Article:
Many consumers do not realize that federal law provides qualified consumers with exemptions from disability benefits that are provided by the Social Security Act. However, that is not where the protection stops. Exemption laws enforced by the State allow consumers to enjoy additional protection. There are even certain jurisdictions that will typically remove the Social Security disability benefits from the bankruptcy conversation all together. In those cases, the filer would not even need to factor in their disability benefits into the paperwork needed to file for Chapter 7 or Chapter 13.
It is imperative to take note that this is not an automatic process, though, in most cases. Therefore, it is even more imperative to consult with a professional attorney who specializes in bankruptcies and knows exactly how to navigate their way through the turbulent terrain of exemption laws in your jurisdiction. As you complete the bankruptcy paperwork, your attorney will work with you directly to help you list all applicable benefits and classify them as property. The important step is that they will also make sure that they notate the necessary exemption laws available to protect your benefits and hopefully remove them from the equation.
When analyzing your Social Security disability and credit card debt, you may also focus on how your student loans will factor into the equation. For instance, would you still be required to pay your student loans off if you are suffering from a long-term disability?
In most cases, federal student loans can be discharged based on your disability. If you are not going to be able to return to work for a minimum of five years due to your disability, then there is a federal student loan arrangement in place that is known as the “total and permanent disability” discharge (also referred to as a TPD discharge). TPD discharges can be used for a variety of student loans from the Federal government and agencies including the Perkins Loans, Federal Family Education Loan (FFEL) and the Federal Direct Loan program. Veterans who currently have 100% disabilities that are connected to their past service in the armed forces can also qualify for TPD discharges.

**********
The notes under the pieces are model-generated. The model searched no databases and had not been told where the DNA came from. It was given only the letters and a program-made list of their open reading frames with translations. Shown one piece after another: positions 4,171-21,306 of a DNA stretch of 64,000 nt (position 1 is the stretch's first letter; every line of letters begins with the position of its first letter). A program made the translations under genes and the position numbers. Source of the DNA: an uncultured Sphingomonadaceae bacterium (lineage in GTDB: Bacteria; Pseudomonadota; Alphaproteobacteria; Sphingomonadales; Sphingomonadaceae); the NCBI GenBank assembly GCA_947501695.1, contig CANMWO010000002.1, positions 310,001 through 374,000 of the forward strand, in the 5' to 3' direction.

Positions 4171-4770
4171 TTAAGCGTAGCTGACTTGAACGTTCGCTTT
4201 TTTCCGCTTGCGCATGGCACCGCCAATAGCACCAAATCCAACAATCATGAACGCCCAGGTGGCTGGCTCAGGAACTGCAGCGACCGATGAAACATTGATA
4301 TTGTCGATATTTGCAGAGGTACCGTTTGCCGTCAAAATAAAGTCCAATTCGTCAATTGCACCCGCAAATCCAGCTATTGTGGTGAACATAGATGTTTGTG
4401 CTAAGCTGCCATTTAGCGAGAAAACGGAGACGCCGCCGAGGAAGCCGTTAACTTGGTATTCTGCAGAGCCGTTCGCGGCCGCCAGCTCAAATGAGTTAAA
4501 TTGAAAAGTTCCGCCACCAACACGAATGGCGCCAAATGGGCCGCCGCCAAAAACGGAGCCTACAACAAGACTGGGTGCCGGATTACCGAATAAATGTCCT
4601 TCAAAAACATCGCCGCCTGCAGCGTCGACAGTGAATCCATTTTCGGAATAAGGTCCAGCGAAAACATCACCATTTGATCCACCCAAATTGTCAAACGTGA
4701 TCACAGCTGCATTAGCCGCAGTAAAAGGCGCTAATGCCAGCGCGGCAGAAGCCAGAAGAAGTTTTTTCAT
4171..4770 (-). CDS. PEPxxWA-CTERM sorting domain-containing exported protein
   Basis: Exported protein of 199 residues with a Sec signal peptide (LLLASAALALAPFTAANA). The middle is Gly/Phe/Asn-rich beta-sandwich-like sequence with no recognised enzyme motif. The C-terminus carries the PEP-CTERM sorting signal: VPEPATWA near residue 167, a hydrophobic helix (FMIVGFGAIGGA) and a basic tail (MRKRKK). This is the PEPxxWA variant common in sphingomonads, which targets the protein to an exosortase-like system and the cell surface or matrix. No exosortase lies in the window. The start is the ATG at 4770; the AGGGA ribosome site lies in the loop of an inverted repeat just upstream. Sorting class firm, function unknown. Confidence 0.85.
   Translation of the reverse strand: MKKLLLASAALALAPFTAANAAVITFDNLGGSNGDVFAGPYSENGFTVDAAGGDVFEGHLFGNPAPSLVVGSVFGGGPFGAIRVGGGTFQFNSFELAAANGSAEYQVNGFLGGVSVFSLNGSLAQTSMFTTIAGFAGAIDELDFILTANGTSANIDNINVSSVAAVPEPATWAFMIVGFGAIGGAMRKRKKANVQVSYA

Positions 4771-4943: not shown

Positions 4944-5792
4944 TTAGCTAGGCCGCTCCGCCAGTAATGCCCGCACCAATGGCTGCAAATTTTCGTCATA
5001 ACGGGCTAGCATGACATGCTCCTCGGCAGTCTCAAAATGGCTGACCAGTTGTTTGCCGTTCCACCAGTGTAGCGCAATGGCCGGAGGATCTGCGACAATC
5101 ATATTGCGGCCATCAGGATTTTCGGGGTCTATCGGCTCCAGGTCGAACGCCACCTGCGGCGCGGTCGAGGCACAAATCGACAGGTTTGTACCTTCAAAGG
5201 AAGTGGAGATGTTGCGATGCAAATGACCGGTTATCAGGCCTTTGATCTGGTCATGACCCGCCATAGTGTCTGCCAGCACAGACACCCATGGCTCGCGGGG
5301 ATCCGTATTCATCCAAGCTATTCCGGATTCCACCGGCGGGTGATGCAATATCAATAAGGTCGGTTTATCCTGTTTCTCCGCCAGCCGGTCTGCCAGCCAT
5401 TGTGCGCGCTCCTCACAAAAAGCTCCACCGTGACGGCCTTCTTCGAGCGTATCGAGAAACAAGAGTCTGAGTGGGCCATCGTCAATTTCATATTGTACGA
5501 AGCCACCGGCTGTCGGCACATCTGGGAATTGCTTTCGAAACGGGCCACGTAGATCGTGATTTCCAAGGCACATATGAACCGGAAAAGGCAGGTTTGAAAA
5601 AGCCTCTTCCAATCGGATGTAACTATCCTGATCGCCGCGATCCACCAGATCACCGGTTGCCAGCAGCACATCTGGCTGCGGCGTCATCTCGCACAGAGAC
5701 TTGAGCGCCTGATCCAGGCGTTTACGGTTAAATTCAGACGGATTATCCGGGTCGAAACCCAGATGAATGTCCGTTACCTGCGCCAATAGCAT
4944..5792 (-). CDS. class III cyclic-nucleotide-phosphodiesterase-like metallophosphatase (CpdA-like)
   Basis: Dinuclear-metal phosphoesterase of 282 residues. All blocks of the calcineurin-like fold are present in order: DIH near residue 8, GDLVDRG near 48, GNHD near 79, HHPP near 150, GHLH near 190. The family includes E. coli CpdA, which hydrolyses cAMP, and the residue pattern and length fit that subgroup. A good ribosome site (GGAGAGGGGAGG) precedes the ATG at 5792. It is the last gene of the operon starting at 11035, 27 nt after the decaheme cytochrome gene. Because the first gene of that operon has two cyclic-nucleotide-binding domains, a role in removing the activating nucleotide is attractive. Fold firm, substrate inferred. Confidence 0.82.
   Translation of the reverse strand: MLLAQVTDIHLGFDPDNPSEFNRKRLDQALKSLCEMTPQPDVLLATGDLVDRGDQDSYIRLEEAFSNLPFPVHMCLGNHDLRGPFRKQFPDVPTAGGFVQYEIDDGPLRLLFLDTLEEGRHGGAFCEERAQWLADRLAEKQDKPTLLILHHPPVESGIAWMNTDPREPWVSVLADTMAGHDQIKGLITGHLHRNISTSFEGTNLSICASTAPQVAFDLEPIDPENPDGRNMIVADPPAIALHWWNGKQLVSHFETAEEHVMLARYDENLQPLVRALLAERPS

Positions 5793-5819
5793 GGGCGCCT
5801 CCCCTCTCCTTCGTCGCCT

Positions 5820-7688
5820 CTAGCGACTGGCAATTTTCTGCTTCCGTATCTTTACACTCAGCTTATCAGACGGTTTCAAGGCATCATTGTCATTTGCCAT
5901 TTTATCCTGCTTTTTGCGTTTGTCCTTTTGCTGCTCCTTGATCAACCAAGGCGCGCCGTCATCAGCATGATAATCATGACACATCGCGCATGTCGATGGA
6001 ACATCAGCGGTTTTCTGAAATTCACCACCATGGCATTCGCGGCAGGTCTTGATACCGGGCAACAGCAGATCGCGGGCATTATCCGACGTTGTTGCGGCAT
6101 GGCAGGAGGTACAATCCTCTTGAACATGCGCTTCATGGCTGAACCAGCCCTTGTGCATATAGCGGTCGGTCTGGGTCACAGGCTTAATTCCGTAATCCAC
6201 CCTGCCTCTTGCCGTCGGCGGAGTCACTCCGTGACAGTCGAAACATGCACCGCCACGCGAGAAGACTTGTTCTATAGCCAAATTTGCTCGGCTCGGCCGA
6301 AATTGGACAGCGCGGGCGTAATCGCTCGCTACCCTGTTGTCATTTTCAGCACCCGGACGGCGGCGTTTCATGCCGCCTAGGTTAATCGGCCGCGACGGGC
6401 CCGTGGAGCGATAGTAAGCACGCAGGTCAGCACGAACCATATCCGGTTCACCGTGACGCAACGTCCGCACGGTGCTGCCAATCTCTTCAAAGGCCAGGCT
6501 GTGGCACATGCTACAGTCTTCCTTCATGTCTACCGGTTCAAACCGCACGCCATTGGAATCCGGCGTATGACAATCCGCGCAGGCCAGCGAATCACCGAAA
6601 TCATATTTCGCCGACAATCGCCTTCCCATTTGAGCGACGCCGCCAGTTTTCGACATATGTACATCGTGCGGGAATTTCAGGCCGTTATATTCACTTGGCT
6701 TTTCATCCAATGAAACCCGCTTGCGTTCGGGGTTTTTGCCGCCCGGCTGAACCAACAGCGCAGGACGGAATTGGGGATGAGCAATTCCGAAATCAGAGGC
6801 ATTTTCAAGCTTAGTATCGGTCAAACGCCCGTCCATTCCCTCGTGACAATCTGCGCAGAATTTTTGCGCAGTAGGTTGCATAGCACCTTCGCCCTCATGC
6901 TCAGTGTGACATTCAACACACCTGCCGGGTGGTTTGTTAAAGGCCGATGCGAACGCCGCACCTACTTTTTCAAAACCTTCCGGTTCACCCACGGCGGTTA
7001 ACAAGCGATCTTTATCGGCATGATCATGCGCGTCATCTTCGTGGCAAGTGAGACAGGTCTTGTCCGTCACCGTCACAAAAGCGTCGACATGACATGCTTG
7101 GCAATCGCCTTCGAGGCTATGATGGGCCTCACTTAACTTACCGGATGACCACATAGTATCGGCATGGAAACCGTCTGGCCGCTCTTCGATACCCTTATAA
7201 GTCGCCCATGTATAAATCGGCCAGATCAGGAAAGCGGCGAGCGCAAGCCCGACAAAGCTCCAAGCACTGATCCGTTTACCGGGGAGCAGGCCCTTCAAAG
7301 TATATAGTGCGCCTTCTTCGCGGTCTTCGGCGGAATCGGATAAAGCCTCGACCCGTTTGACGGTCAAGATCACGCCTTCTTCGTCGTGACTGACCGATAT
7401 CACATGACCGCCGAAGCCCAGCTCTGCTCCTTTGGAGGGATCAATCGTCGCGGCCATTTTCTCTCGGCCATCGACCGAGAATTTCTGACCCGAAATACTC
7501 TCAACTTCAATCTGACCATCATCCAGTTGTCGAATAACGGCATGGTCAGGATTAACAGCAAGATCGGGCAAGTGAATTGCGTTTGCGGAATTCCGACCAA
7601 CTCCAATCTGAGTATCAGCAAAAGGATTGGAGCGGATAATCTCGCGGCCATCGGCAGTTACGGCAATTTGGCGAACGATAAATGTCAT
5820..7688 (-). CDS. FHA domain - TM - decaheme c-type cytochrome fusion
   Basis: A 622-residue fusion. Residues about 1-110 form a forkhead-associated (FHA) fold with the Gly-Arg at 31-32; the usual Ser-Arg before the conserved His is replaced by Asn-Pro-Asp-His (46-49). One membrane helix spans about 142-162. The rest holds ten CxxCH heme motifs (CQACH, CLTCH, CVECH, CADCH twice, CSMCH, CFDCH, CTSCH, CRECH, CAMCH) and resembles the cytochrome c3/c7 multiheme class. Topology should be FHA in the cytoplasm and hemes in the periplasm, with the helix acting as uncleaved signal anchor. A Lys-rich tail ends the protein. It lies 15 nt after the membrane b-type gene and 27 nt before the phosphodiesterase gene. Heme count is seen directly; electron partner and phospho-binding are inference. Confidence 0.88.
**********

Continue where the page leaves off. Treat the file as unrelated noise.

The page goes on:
Once again, it is important to not just assume that you qualify for the various options outlined above. You should still pay close attention to what an expert attorney tells you to do and trust in his or her expertise to guide you along the way. When you are receiving Social Security disability and credit card debt seems to overwhelm your household budget month after month, it is vital to remember that you do have options. Whether you can manage your own debt or not, it is still highly recommended to seek the guidance and advice of a licensed attorney with a successful track record in helping other clients with similar circumstances in the past.
One of the most frightening prospects of bankruptcy for many people isn’t what stands to be gained - as in… Read More
Twenty years from the formal date of entry of the judgment against you, your outstanding debt is still actionable from… Read More
In the state of Florida, the private student loan statute of limitations is typically five years. Read More
When weighing two vastly different approaches like chapter 13 bankruptcy vs. debt consolidation, staying focused on your individual goals is… Read More